It took nearly ten years, a full-blown epidemic and two physicians in the top ranks of government. But after ferocious resistance from the food industry, Chile has put into effect a law that tackles the problem of obesity head-on and is considered by nutrition experts to be among the most, if not the most, stringent law in the world.
The law, which went into effect in 2016 with strong leadership from Senator Guido Girardi, a surgeon, and former President Michelle Bachelet, a pediatrician, requires all products containing high quantities of sugar, saturated fats, calories and sodium to carry black warning labels. It also prohibits their sale in schools and strictly limits the way they can be advertised. It is already making a difference. While it is too early to know whether it will affect soaring obesity rates, a recent study finds the law already has improved the way children think about food and how mothers purchase it, just as the food industry is beginning to overhaul itself for healthier ways.
Not to be outdone, countries in the region, including Mexico, Uruguay, Peru and Brazil, have taken up the battle, with measures ranging from warning labels to soda taxes. They seek to turn the corner on an epidemic that has led one in four adults in the Latin America and the Caribbean to be obese, with potentially lethal consequences in terms of cardiovascular disease, type-2 diabetes and cancer.
The IDB examines the obesity problem as it relates to sports
In 2018, the IDB released a study that addressed the problem from the angle of exercise. The study, entitled Sports for Development, reported that in the region adolescents and adults are below the global average for physical exercise and that more than four-fifths of teenagers do less than one hour of moderate to vigorous physical activity daily, a percentage surpassed only in the Eastern Mediterranean. The IDB found that physical inertia not only endangered health. It also could lead to lower productivity, more sick days, and higher health costs. Still government outlays for sports in the region amount to only around O.1% of GDP, about one-third the amount spent by European nations.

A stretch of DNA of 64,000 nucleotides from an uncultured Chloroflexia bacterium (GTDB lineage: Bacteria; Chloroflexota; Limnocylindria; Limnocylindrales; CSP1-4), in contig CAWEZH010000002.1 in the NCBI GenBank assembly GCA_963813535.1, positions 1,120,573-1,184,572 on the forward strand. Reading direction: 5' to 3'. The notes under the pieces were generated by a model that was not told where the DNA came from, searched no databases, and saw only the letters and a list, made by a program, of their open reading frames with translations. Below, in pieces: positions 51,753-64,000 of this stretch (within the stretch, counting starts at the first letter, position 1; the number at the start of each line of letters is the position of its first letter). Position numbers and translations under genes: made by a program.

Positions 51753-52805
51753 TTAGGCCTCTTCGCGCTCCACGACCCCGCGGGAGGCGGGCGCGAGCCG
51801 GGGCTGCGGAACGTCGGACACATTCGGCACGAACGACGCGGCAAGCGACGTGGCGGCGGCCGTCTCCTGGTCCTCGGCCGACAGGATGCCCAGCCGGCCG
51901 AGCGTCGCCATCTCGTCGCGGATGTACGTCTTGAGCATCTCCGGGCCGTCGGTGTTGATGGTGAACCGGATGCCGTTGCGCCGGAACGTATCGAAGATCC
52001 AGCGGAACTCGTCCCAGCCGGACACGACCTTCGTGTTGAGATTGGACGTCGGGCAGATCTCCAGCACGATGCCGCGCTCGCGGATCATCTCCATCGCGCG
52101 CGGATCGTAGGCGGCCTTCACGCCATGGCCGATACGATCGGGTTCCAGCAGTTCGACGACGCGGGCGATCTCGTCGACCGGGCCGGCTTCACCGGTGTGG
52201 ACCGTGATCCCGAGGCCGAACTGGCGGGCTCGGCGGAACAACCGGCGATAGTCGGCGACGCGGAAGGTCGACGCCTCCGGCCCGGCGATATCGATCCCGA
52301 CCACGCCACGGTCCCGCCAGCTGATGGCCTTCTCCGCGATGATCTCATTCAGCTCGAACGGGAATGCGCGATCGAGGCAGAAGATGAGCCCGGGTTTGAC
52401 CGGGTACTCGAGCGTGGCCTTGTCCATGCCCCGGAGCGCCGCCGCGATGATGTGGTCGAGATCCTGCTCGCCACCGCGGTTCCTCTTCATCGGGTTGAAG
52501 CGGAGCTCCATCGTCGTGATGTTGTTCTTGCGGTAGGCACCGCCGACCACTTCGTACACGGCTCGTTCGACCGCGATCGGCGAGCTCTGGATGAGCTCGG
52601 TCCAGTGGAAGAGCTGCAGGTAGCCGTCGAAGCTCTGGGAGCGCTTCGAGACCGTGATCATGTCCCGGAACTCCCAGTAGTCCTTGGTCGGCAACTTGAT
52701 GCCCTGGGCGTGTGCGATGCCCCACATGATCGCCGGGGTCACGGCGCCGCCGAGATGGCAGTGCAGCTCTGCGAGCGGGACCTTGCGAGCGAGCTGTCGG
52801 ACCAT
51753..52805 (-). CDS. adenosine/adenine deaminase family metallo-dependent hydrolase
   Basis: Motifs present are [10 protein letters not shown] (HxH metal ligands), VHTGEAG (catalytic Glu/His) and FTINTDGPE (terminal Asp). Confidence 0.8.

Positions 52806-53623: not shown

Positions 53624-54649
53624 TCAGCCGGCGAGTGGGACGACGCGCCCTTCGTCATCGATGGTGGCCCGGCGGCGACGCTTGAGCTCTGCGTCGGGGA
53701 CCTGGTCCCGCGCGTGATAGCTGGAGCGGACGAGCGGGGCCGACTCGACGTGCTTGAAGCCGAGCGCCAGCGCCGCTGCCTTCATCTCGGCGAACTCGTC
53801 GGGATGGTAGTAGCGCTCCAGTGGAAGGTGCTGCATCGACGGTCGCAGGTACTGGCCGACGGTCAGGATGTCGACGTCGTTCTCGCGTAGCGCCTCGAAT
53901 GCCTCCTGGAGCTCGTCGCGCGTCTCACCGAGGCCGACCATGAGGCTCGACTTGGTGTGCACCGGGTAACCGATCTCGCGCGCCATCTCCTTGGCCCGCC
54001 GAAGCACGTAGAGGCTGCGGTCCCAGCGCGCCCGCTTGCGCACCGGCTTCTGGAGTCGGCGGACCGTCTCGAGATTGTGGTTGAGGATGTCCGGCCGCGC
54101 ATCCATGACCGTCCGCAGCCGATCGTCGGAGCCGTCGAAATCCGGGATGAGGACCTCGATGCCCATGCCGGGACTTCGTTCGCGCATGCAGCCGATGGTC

The IDB also has been supporting sports-for-development programs in the region and has recommended pilot projects for exercise programs that would allow the evaluation needed to see what kinds of programs best work.
In the meantime, the efforts of several countries in the region to aggressively deal with the other pillar of the problem—diet—has been impressive. In Mexico a 10% tax on sugary beverages went into effect in 2014 and within a year reduced consumption by 12% with the greatest gains in poorer households. The country also imposed a 10% tax on junk food. Brazil has published voluntary guidelines on healthy eating. Peru and Uruguay are moving quickly to impose warning labels on food, similar to those in Chile. And in June 2018 the health ministers of Mercosur met to consider doing the same in all their countries.
Chile as a leader on obesity
Chile is leading the region and perhaps the world. Its new rules, which include requiring warning signs and prohibiting the use of cartoon characters on products with dangerous levels of sugar and other substances, are having an impact. They have reportedly resulted in a 25% decrease in the purchase of sugar-sweetened drinks and 9% decrease in that of sugary cereals. Mothers say that influences from the media, the schools, and their children have changed the way they shop to include healthier items.
A cultural shift is underway, and it is not too soon. It may take a generation or more for the full effect of new attitudes to be seen. But the example of Chile and the realization that better policies can transform children, parents and the food industry in their approach to food leads to hope that the region can turn the corner on obesity and vanquish its terrible health consequences.